|In Short:||A convict's brother gives him a gland that lets him turn invisible at will, and a secretive government agency co-opts him as an agent.|
|DARIEN:||There once was a story about a man who could turn invisible. I thought it was only a story... until it happened to me. Okay so here's how it works. There's this stuff called quicksilver that can bend light. Some scientists made it into a synthetic gland, and that's where I came in. See, I was facing life in prison, and they were looking for a human experiment. So, we made a deal. They put the gland in my head, I walk free. The operation was a success, but that's where everything started to go wrong.|
|-- Opening voiceover|
Meet Darien Fawkes (Vincent Ventresca). Slacker? Sure. Underachiever? Of course. But he doesn't steal because he's a bad guy or he's made bad choices. He steals because he's really good at it. He likes sticking it to the man. His brother is a brilliant scientist, and Darien isn't interested in trying to live up to his example. Let Kevin (David Burke) be the bright child; Darien just coasts along in his shadow. Things are going fine in Darien's life until one of his victims suffers a heart attack and Darien puts off his escape to save the man's life. Captured not only as a thief but a molester of the elderly (he was giving the man CPR when the cops arrived), Darien has a one-way ticket to jail. Fortunately Kevin has government contacts and gets Darien freed if he agrees to be part of a scientific experiment.
Kevin created a invisibility gland which secretes a substance known as quicksilver. The gland is put into Darien's brain for human testing. Somehow the surgery is completed without shaving a single strand of that glorious mane of hair. It can be activated by fear or adrenaline, but Kevin helps Darien learn how to control the ability so he can go invisible at will.
Once the training sequence is over, the slimy foreign scientist Arnaud (Joel Bissonette) makes his move and assaults the compound where Darien is being held. Explosions, bloody murders, and tons of gunfire result in Kevin dying and Darien escaping Arnaud's capture. In order to survive, Darien needs regular injections of counteragent. Seems exposure to the quicksilver has the slight side effect of making its host... um... completely batshit insane. So Darien reluctantly joins forces with the agency his brother developed the gland for in order to bring down Arnaud and get justice for Kevin.
Darien is new to the agency, but his gland makes him one of their most valuable assets. He's teamed with Bobby Hobbes (Paul Ben-Victor), a slick agent whose depression and paranoia has made him persona non grata at all of the "real" government agencies. Hobbes is borderline insane but, in a pinch, there's no one you would rather have on your side.
After some initial distrust (Darien gets paid more than Hobbes, despite being brand-new), they quickly settle into the buddy-cop formula. They learn how to trust each other while also figuring out how far they can push each other.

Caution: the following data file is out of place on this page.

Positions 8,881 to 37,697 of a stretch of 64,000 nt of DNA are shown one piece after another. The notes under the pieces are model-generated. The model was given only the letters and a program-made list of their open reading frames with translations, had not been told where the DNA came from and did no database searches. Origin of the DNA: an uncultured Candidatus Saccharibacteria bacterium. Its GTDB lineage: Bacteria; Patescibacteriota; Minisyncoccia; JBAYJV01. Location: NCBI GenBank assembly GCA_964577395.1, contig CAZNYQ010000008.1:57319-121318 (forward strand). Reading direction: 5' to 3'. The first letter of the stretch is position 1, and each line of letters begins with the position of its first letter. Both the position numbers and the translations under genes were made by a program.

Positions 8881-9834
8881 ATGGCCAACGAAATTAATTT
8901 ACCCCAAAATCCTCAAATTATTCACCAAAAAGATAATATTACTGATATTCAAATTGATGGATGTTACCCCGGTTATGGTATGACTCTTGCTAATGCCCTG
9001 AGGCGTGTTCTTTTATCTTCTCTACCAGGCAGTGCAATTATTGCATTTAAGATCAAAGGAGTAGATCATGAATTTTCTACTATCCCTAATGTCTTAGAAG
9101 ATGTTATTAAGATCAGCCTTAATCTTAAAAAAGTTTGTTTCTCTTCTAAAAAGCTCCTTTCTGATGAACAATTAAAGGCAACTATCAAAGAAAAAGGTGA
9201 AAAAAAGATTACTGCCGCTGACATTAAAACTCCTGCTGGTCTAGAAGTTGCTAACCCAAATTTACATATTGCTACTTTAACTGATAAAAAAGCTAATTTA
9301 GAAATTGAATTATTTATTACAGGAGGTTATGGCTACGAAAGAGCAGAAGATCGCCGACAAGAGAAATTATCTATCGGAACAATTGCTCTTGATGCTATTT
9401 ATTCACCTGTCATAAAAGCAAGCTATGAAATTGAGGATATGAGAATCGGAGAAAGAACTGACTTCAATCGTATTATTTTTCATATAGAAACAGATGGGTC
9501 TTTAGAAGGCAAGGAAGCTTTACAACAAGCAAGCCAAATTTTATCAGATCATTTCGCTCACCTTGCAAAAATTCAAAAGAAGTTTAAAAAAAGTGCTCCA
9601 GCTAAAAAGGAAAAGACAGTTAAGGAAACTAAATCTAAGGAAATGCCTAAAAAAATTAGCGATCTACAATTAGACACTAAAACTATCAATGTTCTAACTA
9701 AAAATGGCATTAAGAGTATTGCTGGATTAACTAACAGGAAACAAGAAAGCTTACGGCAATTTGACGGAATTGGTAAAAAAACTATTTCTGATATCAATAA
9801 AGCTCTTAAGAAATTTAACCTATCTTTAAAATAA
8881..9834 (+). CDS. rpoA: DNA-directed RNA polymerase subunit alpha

This show is just about one of the best mixes of stand-alone episodes and arc episodes that I've ever seen. Darien stays with the Agency in order to track down Arnaud and, in the meantime, helps them with their weird, wild, unusual cases… except when they have to take milk runs for the Department of Fish and Game (but even those usually turn into something wild and wacky). Their monsters are usually Science Run Amok, or government experiments gone haywire, since that’s basically what Darien is.
It also had one of the most incredible (and earliest) online presences of the genre. The fans were big supporters of the show from the very start, using the Sci-Fi Channel website to coordinate their fan works. The show took notice of this and thanked fans with in-story shout outs. Starting in Season 2, the names of several bulletin board members were hidden in the theme song. The next-to-last episode of Season 1 had two-parts, and the producers let the online fans vote for what Hobbes would do to resolve the cliffhanger. They loved and appreciated their online fans in a way it would take other series years to match.
It's hard to describe just what the series is. Science-fiction, sure, with its glands and scientific experiments gone wrong. But it is also a spy show, a comedy, a buddy-cop show, a conspiracy series. In Season 2, they added Brandy Ledford to the cast as... I don't know. Sex appeal for the boys? I don't know why, the Keeper (Shannon Kenny) was more than enough for me. (Ahh, Claire.)
I hadn't seen an episode of the show in TEN YEARS when I got the DVDs from Amazon. Watching it was like opening a time capsule. And while some of it is a little dated (in an episode where an evil new boss used Fawkes for political assassinations, Hobbes snapped, "Who's your next mission, huh? Saddam? Bin Laden?"), the rest of it holds up really well. I was surprised with how non-cheesy the special effects were.
The show never really got the respect it deserved. While it was on, Sci-Fi was also airing new episodes of Farscape and Showtime was still airing Stargate SG-1. The science fiction community was already pulled in two directions and the show -- please pardon this -- was pretty much invisible. It wasn't cancelled because of low ratings; it was a matter of cost and the fact Sci-Fi and the USA Network were having a tiff. Its fans were vocal, loyal, and hopefully one day there will be a release of the second season on DVD (although considering how long it's been since the first season came out and the horrifically reduced price... while great for me, it wasn't exactly the best sign).
The Invisible Man was my introduction to online fandom, a place that has changed my life. All these years later, only the diehard fans really even remember a little story about an invisible secret agent. Hopefully the fact that SOME DVDs are out there will introduce new people to a great little show.
-- Geonn Cannon